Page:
NEW ORLEANS—Compared with interferon beta-1a, alemtuzumab reduced the annualized relapse rate by 49% among patients with relapsing–remitting multiple sclerosis (MS) who had relapsed on previous therapy, according to research presented at the 64th Annual Meeting of the American Academy of Neurology. Approximately 65% of patients taking alemtuzumab were relapse-free, compared with 47% of patients taking interferon beta-1a, per results from the phase III Comparison of Alemtuzumab and Rebif Efficacy in Multiple Sclerosis II (CARE-MS II) study.
In addition, patients with relapsing–remitting MS taking alemtuzumab had a 12.7% risk of sustained accumulation of disability, while patients taking interferon had a 21% risk, said Jeffrey A. Cohen, MD, Director of Experimental Therapeutics at the Cleveland Clinic Mellen MS Center. This reduction represents a hazard ratio of 0.58, or 42% treatment effect, he noted.
During a two-year period, the average Expanded Disability Status Scale (EDSS) score decreased by 0.17 steps among patients taking alemtuzumab, compared with an increase of 0.24 steps among patients taking interferon. The net difference of 0.41 EDSS steps between the two groups after two years was statistically significant, said Dr. Cohen, as were the differences between each group’s scores at baseline and at 12 months.
Patients receiving alemtuzumab also experienced a 29% chance of sustained reduction of disability. Patients receiving interferon, in contrast, experienced a 13% chance of this outcome.
Comparing the Same Drugs in a New Patient Population
The results of the study were consistent with those of a previous phase III trial—Comparison of Alemtuzumab and Rebif Efficacy in Multiple Sclerosis I (CARE-MS I) (see sidebar). The two-year CARE-MS II trial, conducted by Dr. Cohen and colleagues, compared the effects of alemtuzumab and interferon beta-1a in patients who had relapsed on prior therapy. The study’s two primary efficacy end points were relapse rate and time to six-month sustained accumulation of disability. Additional end points included EDSS change from baseline and sustained reduction of disability, MRI lesion analyses, and normalized whole-brain volume, as measured by brain parenchymal fraction.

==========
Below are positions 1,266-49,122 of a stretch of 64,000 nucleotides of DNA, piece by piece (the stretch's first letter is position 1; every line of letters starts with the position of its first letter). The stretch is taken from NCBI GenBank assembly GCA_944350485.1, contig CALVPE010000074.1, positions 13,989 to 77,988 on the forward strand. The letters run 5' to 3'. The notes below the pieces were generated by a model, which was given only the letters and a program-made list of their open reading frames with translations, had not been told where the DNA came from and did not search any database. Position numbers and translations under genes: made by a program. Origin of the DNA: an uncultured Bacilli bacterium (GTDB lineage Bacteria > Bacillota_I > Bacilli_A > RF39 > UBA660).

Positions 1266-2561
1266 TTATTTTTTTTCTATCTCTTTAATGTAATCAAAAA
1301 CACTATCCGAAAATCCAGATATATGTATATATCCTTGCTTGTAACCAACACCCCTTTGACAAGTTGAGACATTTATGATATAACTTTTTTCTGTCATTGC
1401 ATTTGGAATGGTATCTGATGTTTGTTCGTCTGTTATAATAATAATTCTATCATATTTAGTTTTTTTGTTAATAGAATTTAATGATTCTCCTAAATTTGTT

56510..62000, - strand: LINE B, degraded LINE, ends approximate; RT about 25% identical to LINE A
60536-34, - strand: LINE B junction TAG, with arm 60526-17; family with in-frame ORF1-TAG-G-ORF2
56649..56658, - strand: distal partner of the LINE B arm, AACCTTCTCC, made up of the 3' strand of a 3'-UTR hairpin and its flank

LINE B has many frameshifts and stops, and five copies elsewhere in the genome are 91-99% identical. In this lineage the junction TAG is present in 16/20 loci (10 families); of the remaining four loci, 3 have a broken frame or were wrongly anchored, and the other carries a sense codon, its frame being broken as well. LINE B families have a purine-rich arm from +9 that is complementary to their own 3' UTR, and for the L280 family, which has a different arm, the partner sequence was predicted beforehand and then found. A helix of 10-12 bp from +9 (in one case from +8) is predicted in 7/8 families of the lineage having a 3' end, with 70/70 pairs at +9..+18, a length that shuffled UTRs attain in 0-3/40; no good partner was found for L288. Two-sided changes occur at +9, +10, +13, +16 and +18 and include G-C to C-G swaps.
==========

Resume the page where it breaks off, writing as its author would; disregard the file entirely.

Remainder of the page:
Eligible patients ages 18 to 55 were randomized to receive either 12 mg of alemtuzumab for five days at month 0 and for three days at month 12, or 44 µg of subcutaneous interferon beta-1a three times per week. To prevent side effects, the alemtuzumab patients received three days of IV methylprednisolone with each infusion course, and the same therapy was administered annually to the interferon patients. “Because of the distinct mode of administration and side-effect profiles, we felt that blinding of participants and treating clinicians was not feasible,” said Dr. Cohen.
The patients’ average EDSS score was 2.7, and participants had had an average of 1.5 relapses in the previous year. Approximately 80% of patients had previously received interferon therapy, 30% had received glatiramer acetate, and 20% had received both therapies.
Alemtuzumab Reduces the Number of T2 Lesions
Approximately 46% of patients receiving alemtuzumab had new or enlarging T2 lesions over two years, compared with 68% of patients receiving interferon. Although T2 lesion volume decreased in both patient groups, the difference was not statistically significant. Patients taking alemtuzumab experienced 23% less brain volume loss over two years, as measured by brain parenchymal fraction, compared with patients taking interferon beta-1a.
The overall incidence of adverse events was similar in both groups, as was the incidence of serious adverse events. Infections such as nasopharyngitis, sinusitis, and upper respiratory infection were somewhat more common among patients receiving alemtuzumab, as were serious infections such as pneumonia, appendicitis, and herpes zoster.
“This study showed superior efficacy of alemtuzumab, compared with interferon beta-1a, across multiple outcomes,” said Dr. Cohen. “This is now the third study demonstrating superior efficacy of alemtuzumab, and it’s important to note [that] all three of those studies were against an active comparator—subcutaneous interferon beta-1a—which itself is effective against relapses, disability, and MRI. The adverse event profile was consistent with [that of] previous studies, and a comprehensive monitoring program was successful in early detection, facilitating early treatment,” he concluded.
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Coles AJ, Fox E, Vladic A, et al. Alemtuzumab more effective than interferon b-1a at 5-year follow-up of CAMMS223 Clinical Trial. Neurology. 2012;78(14):1069-1078.
Coles AJ, Fox E, Vladic A, et al. Alemtuzumab versus interferon beta-1a in early relapsing-remitting multiple sclerosis: post-hoc and subset analyses of clinical efficacy outcomes. Lancet Neurol. 2011;10(4):338-348.
Hill-Cawthorne GA, Button T, Tuohy O, et al. Long term lymphocyte reconstitution after alemtuzumab treatment of multiple sclerosis. J Neurol Neurosurg Psychiatry. 2012;83(3):298-304.